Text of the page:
There are a few other improvements that you can make to a computer used solely for serving music. Let's consider a few of them. It can be suggested that the SSD drives should be powered by their own linear power supply. Some people have noticed a difference in listening tests, and there may be some scientific theory behind this. These power supplies will isolate additional ground and power noise generated by the SSD drives. It certainly shouldn't hurt to isolate the power delivered to the hard drive(s). However, we don't suggest placing those linear power supplies inside the computer case, because they contain transformers which generate electromagnetic interference (EMI) and produce some heat and potentially some unwanted vibration. Another upgrade that has been suggested is to use high quality SATA cables to connect your SSD drives. This in theory can be very beneficial, because as stated above computers are noisy, and the SATA 3.0 protocol essentially behaves the same as isochronous USB data transmission for audio data. Real-time audio transmission is timed on the SATA lines within the computer as it is with USB lines.

We would recommend shielding any wires inside the computer case that carry voltage, including SATA cables, with EMI shielding of some sort (grounded foil tapes or wire mesh sleeves). Minimally you should route all cables with electromagnetic compatibility (EMC) in mind. For instance, SATA drives operate on 5 volts, so eliminate any 12 volt leads from power supplies to these drives.

The final tweak that you'll want to do for your music server is to optimize the Operating System (OS). The common computer with keyboard and mouse, video for a monitor display and network connectivity performs many functions that just aren't necessary for playing music files. Since we want to dedicate our computer to serving music only, we need to turn off unwanted stuff. This is done by disabling services and uninstalling features. This should be its own article, so I'll just mention the most obvious here. One of the typical services that is safe to turn off is automatic OS updates; but you will want to do manual updates occasionally. You can also disable any anti-virus applications from running in the background, provided you uninstall your browsing capabilities to the Internet. Remember, your music server is intended for serving music files only, not checking your social media sites. Think of this computer as an audio appliance just like your amplifier or your DAC. You will still want Internet connection via Ethernet or Wi-Fi so that you can update your music playback application and the OS.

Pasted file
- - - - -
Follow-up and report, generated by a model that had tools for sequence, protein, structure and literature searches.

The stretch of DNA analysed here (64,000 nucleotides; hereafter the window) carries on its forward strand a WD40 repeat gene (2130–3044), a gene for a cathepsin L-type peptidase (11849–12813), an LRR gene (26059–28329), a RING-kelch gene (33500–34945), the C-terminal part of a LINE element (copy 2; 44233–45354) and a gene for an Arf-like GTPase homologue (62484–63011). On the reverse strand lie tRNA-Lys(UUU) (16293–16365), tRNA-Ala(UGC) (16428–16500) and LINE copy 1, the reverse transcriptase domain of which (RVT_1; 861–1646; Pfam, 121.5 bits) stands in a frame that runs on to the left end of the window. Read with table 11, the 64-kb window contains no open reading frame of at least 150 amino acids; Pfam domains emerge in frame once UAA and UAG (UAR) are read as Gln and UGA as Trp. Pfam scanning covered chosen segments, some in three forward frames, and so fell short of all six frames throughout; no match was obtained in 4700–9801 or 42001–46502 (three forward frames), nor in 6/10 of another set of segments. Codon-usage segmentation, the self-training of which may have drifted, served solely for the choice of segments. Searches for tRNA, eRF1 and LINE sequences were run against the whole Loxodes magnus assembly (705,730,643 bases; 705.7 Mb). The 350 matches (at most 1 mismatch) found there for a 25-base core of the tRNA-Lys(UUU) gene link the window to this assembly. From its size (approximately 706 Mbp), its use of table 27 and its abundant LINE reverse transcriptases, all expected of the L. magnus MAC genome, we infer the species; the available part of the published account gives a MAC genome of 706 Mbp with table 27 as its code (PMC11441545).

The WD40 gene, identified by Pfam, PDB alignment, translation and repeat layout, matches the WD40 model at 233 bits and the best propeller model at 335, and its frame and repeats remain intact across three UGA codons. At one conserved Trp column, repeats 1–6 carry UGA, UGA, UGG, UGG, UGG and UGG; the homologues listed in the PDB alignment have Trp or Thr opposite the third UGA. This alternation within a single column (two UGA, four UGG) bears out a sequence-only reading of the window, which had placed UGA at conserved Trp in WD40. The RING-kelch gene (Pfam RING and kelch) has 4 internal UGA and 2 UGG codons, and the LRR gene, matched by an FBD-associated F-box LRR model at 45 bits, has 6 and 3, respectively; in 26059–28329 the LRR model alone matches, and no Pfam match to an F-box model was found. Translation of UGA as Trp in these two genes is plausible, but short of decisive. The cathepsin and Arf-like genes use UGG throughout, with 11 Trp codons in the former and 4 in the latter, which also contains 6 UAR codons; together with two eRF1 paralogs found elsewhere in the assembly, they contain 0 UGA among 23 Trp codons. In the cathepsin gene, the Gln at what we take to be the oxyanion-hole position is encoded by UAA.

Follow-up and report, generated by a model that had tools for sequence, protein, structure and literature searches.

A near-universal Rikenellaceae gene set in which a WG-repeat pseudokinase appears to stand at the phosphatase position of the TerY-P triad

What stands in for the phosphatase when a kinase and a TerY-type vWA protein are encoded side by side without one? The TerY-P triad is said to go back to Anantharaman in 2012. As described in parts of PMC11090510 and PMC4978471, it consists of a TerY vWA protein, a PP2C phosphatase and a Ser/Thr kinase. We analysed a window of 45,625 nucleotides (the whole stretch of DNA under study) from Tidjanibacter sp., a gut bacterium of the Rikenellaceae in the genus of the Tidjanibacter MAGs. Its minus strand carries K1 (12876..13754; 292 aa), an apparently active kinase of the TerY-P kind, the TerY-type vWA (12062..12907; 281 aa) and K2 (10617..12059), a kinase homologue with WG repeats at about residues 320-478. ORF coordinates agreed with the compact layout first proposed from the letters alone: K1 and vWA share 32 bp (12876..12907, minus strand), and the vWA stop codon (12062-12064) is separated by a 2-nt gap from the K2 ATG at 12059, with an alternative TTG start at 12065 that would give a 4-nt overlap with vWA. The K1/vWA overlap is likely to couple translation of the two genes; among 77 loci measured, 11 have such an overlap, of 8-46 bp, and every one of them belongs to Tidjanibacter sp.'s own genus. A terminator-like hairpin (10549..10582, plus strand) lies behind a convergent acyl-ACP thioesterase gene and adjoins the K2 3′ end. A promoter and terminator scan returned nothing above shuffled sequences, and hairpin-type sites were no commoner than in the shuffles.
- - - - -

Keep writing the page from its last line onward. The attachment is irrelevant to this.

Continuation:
In keeping with the concept of your music server as an audio appliance, remove all gaming software that may be included on your fresh Operating System install. Remove all shopping applications, and self-updating features like smart icons. Do not allow any music application to auto-search your computer drives to catalog any music it finds. You can manage that yourself by initiating music catalog updates at your own discretion. The only software installs on your new music server should be the OS and an application or two to catalog and play music files. You'll need a few driver files for USB hardware, but that's everything you will ever need.

Here is an outline of our recommendations for designing and building a music server:

  1. Dedicate the computer to playing music files, and don't use it for anything else.
  2. Remove all electric motors from the design.
  3. Cool the CPU with passive heat pipe cooling.
  4. Remove all switching power supplies in the system.
  5. Power your server with a decent external linear power supply.
  6. Optimize the operating system by disabling unnecessary services.
  7. Use a dedicated USB card that is optimized for Audio USB and has a good clock.
  8. Pay strict attention to separating voltage wires from data wires where possible.
  9. Don't try to use a laptop computer as a music server, it's incongruous with good design.

Ken Matesich